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**8.1 – Lines and Angles Defn:**

Space: The region that extends in all direction indefinitely. Plane: A flat surface without thickness that extends indefinitely in two directions..

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**8.1 – Lines and Angles Defn:**

Line: A set of points extending indefinitely in opposite directions. Line AB AB Line l l A B Line Segment: A piece of a line that has two end points. A line segment AB AB B Ray: A part of a line with one end point extending indefinitely in one direction. A ray AB AB B

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**8.1 – Lines and Angles Defn:**

Angle: A two dimensional plane whose sides consist of two rays that share the same end point. The shared point is called the vertex. B A x Angle BAC BAC Angle CAB CAB C Angle A A Angle x x

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**Identify each of the following figures.**

8.1 – Lines and Angles Identify each of the following figures. CF YI VE SBT TBS VHT THV B H

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**Use the given figure to answer the questions.**

8.1 – Lines and Angles Use the given figure to answer the questions. 1 What are the name(s) of the given angle? What are the other names of angle x? BAC AEC CAB CEA A E 1

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**8.1 – Lines and Angles Classifying Angles**

Degree: A unit for measuring angles. The symbol denoting degrees is a raised circle (45°). Straight angle: Any angle that measures 180° (a straight line). Right angle: Any angle that measures 90°. Acute angle: Any angle whose measurement is between 0° and 90°. Obtuse angle: Any angle whose measurement is between 90° and 180°.

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**8.1 – Lines and Angles Classifying Angles straight acute obtuse right**

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**Special Pairs of Angles**

8.1 – Lines and Angles Special Pairs of Angles Complimentary angles: Two angles whose sum is 90°. They are compliments of each other. Supplementary angles: Two angles whose sum is 180°. They are supplements of each other. What is the compliment of 15°? What is the supplement of 80°? 90 – 15 = 75° 180 – 80 = 100° What is the supplement of 95°? What is the compliment of 29°? 180 – 95 = 85° 90 – 29 = 61° What is the supplement of 29°? 180 – 29 = 151°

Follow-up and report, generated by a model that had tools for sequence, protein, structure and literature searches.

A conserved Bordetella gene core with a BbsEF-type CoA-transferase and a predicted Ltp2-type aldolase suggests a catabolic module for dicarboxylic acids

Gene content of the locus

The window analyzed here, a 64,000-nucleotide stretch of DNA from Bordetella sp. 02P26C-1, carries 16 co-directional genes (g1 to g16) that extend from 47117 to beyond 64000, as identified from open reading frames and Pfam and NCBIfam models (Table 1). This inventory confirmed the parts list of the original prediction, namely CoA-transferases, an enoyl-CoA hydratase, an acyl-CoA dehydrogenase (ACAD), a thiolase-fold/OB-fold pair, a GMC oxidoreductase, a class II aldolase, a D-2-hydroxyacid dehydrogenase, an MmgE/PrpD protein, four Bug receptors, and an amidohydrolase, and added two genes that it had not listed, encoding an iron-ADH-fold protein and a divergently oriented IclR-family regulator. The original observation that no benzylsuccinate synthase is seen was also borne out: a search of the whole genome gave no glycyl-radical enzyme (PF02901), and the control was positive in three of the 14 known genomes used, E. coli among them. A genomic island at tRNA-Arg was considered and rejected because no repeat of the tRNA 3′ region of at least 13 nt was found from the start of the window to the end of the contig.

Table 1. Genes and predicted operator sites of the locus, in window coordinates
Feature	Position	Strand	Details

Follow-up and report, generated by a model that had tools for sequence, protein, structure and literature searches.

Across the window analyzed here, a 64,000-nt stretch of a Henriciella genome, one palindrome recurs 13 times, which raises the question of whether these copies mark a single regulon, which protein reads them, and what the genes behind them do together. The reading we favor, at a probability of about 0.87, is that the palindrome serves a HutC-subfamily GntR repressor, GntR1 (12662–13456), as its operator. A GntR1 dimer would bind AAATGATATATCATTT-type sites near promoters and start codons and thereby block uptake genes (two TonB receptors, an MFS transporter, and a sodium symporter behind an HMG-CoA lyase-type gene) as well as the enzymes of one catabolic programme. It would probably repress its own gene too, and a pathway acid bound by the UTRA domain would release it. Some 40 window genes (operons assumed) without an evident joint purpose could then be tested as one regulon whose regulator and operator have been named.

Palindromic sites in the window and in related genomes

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**Calculating the Measure of an Angle**

8.1 – Lines and Angles Calculating the Measure of an Angle Given the figure below, what is the measure of 1? Given the figure below, what is the measure of CPD? 68° 176° 23° 119° 176 – 119 = 57° 68 – 23 = 45° What type of angle is 45°? What type of angle is 57°? acute acute

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**8.1 – Lines and Angles Lines in a Plane**

Intersecting Lines: Lines in a plane that cross at a common point. If two lines intersect, they create four angles. 2 1 3 4 Vertical angles: Of the four angles formed from two intersecting lines, these are the two pairs of opposite angles. The measures of the opposite angles are the same. 1 = 3 2 = 4

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**8.1 – Lines and Angles Lines in a Plane**

Parallel lines: Two or more lines in a plane that do not intersect. l1 line l line 2 l2 l1 l2 Perpendicular lines: Two lines in a plane that intersect at a 90° angle. l3 line 3 line 4 l3 l4 l4

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**8.1 – Lines and Angles Lines in a Plane**

Adjacent angles: Angle that share a common side. DBC is adjacent to CBA as they share the common side BC. Adjacent angles formed from two intersecting lines are supplementary. 1 + 2 = 180° 3 + 4 = 180° 2 1 3 4 4 + 1 = 180° 2 + 3 = 180°